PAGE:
To be a good interpreter, you need to have complete mastery of two or more languages and… ” How would you finish that sentence? Chances are, the words, “You need to have the right personality” would not be the first thing to jump to mind. However, this month’s featured resource, a paper that looks at interpreter personality types, examines exactly this question.
The researcher, Nancy Schweda Nicholson from the
University of Delaware (USA), used the Myers-Briggs Type Indicator
(MBTI) in order to see which personality types would be most common
among a sample of interpreter trainees (individuals who self-selected as
having the right skills to do the job of an interpreter).
For those who are unfamiliar with it, the MBTI is a psychometric questionnaire based on the theories of Carl Jung in his book, Psychological Types.
The 16 types are based on four areas — how people focus their energy,
how they make decisions, how they perceive the outer world, and how they
deal with the outer world.
Nicholson had a relatively small sample, but found that the trainees
in her sample displayed an array of different personality types. She
found that the most common type for interpreter trainees was ISTJ(Introverted-Sensing-Thinking-Judging), making up about18% of the interpreters in the sample.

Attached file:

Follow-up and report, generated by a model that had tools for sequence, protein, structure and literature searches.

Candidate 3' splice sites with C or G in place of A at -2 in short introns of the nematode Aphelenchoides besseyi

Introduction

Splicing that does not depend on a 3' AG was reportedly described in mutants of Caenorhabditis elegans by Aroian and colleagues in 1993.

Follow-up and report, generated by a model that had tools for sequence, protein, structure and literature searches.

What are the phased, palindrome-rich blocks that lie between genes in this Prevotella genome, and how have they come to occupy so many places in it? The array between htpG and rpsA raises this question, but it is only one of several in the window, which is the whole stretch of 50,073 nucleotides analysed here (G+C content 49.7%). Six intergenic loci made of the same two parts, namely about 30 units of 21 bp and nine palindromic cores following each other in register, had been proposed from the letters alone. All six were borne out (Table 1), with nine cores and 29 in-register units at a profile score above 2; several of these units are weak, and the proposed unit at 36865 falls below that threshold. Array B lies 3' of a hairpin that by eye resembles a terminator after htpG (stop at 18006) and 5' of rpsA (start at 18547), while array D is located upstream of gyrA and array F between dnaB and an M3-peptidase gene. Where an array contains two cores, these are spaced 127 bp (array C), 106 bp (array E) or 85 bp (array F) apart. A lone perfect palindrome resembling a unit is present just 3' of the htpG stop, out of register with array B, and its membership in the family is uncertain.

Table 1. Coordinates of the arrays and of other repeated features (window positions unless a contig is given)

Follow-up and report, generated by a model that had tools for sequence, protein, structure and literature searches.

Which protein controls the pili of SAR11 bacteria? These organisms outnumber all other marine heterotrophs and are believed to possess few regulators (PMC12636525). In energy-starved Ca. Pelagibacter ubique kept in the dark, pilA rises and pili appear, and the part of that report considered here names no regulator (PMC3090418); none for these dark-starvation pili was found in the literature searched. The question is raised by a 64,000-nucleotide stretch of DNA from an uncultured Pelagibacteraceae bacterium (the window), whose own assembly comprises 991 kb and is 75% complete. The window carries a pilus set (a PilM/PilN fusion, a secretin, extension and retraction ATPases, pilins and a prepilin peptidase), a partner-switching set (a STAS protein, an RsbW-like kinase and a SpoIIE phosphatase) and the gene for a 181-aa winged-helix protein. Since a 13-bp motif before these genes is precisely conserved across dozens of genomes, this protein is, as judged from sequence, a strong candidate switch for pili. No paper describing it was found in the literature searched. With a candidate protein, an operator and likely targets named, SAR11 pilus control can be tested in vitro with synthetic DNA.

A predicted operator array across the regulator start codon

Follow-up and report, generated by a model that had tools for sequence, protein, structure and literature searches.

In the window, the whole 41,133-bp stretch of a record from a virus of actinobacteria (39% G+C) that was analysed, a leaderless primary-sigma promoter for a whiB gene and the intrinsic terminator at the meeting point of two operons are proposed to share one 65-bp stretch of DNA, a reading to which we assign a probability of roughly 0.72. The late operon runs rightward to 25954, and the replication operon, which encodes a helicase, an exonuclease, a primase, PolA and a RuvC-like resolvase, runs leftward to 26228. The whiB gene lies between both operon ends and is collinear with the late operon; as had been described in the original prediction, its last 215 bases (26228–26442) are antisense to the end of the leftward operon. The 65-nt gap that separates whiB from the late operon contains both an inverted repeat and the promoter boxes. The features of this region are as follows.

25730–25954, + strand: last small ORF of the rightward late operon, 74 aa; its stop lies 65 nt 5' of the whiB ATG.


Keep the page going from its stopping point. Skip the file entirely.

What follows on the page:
By comparison, other studies have shown that individuals with this
personality type make up about 6% of the general population. If
Nicholson’s findings are valid, it would appear that this type is more
common among interpreter trainees.
Nicholson’s line of research raises many other questions:
Do different types of interpreting (e.g. conference interpreting, legal
interpreting, medical interpreting) attract interpreters with different
personality types? Does interpreter personality type affect quality?
Are some personality types more likely to make some types of mistakes
(such as omissions) than others (such as embellishment)? Are certain
types more likely to “step out of the role” of the interpreter? Are the
best interpreters introverts or extroverts? It will be the job of
researchers to more fully explore these kinds of questions. Source: proz.com